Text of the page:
So it was on Tuesday when 100 prospective bidders packed into the Hare and Hounds hotel at Westonbirt, near Tetbury, to compete for 50 lots being offered by the South and West England branch of Forest Enterprise, the Forestry Commission's commercial arm.
Just down the road, the Westonbirt arboretum was blazing red and gold in its autumn glory, but at the sale there was nothing livelier than unillustrated catalogues to look at. Yet these were crammed with information, much of it rendered in cryptic initials.
Anyone could see that SP stands for Scots pine, EL for European larch, WH for western hemlock; but newcomers needed a little help with dbh (diameter at breast height) and DMP, which indicates that Dendroctonus Micans, or spruce-bark beetle, is present in the crop.
No matter, the level of expertise was extremely high, starting from the top.
The auctioneer, John Jenkins of the Monmouth firm Rennies, has conducted sales of this kind for 20 years, and during the past weeks he had driven hundreds of miles to inspect every lot on offer. Short, stocky and dark-haired, with a cheerful round face, he led off at breakneck speed, with just the right combination of serious information and banter.
The first lots were of saw-logs which had already been hauled to roadsides at points scattered between Cannock Chase and the New Forest. Prices ranged from pounds 28 to pounds 86 a cubic metre - and as some lots exceeded 1,000 cubic metres, large amounts of money were involved.
Each time the hammer went down, a sealed envelope was opened to reveal whether or not the reserve price had been reached. Several lots fell short and remained unsold.
My own special interest was in Lot 23 - three blocks of Douglas fir and western hemlock still standing in Purslow Wood, out in the wilds of Shropshire.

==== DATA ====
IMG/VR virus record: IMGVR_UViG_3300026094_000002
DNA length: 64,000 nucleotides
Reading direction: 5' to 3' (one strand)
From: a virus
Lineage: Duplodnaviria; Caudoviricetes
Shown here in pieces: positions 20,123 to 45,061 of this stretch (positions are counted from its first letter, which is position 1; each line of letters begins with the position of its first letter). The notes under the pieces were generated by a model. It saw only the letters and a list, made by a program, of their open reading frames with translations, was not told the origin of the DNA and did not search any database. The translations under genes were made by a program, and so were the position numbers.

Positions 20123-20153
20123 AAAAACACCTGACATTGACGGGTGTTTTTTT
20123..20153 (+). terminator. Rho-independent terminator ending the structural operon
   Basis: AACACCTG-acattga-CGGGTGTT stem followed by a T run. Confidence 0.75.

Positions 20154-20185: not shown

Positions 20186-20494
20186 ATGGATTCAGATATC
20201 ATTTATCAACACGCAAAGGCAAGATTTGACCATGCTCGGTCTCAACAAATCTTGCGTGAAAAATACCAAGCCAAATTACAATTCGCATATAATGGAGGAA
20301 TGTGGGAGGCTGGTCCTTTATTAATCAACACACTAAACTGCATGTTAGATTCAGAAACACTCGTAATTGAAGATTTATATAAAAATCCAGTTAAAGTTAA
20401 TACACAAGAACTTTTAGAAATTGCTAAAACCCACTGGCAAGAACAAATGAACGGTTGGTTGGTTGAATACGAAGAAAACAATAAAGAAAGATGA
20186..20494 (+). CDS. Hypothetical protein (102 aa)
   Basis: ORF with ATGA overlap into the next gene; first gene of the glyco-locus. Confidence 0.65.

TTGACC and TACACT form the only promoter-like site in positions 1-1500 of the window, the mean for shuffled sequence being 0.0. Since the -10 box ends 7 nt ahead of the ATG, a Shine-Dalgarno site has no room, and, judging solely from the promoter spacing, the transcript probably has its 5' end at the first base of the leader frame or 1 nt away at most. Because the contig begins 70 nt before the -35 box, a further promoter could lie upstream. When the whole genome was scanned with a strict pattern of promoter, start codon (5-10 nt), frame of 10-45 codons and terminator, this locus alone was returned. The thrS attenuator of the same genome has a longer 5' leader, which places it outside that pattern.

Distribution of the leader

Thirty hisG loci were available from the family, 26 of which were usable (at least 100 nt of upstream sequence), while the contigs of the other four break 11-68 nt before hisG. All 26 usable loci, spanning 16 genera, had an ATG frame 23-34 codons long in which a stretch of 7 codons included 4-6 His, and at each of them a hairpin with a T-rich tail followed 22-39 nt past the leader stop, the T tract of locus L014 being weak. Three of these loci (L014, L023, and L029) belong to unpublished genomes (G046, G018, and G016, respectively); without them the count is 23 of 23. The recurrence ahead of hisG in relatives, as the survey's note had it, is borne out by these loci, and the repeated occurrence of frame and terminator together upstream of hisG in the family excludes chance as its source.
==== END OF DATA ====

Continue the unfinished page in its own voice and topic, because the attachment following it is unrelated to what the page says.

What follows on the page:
It was not that I had any intention of buying: rather, looking at the wood a few days earlier in the company of Dick Rogers, operations forester for the Marches district, I had become fascinated by the skill with which the growing timber had been assessed, and by the care with which the replanting was being planned.
In a block to be clear- felled, a team of men had moved through the trees, each shouting 'Mark]' as he scraped a blaze of bark off the trunk, with the booker, or record-keeper, calling 'Girth]' whenever he wanted a sample tree to be measured at breast height.
By this means the team had established that the compartment contained 1,264 trees, with an average dbh of 38 centimetres, and a computed volume of 1,382 cubic metres. Also included in the lot were extensive thinnings from two neighbouring blocks.
How much should all this be worth? The timber was excellent, but there were snags. The buyer would be responsible for felling the trees and hauling them. The site, on a steep hill, was not an easy one. In some places the extractors would not be able to use the roadside, as it harboured rare plants, among them stagshorn moss. If any Schedule 1 bird (such as a goshawk) took up residence in the wood during the spring, operations would have to be deferred until the nesting season was over.
As for the replanting, this had been planned not merely from maps, but also from panoramic photographs, with elaborate overlays to illustrate the effect of the new tree cover.
From a vantage point across the valley, Mr Rogers explained how he proposed to deploy a mixture of species so that the rejuvenated forest would blend more smoothly into the contours of the land.
But first the sale. Mr Jenkins did his machine- gun best. 'Lovely lot here.
Anyone say 65? Sixty, then. Sixty. Come on, fellows. I'm in your hands.
Sixty. I'm not going on repeating it. Sixty thousand it is. Sixty-one on the aisle. Two. Three.
'The bid's on my left at sixty-three. Four. Five. Thank you, sir. You keep waving, I'll keep counting. Six. Seven. Eight. Sixty- eight at the front of the room. Sixty-eight it is . . . sixty-eight thousand.'
BANG] went the gavel. An envelope was opened. Immediately the auctioneer announced, 'That lot is NOT sold, sir.'
The highest bidder now has the chance to negotiate with the Commission to see if a deal can be struck. If talks fail, the trees will be offered again at a later sale.
I shall be glad if they have won a short reprieve - but it is no use being sentimental when it comes to forestry. The cycle of planting and felling, life and death, must go on and I am confident that, over the next generation, the new Purslow Wood will grow up more beautiful than the old.Reuse content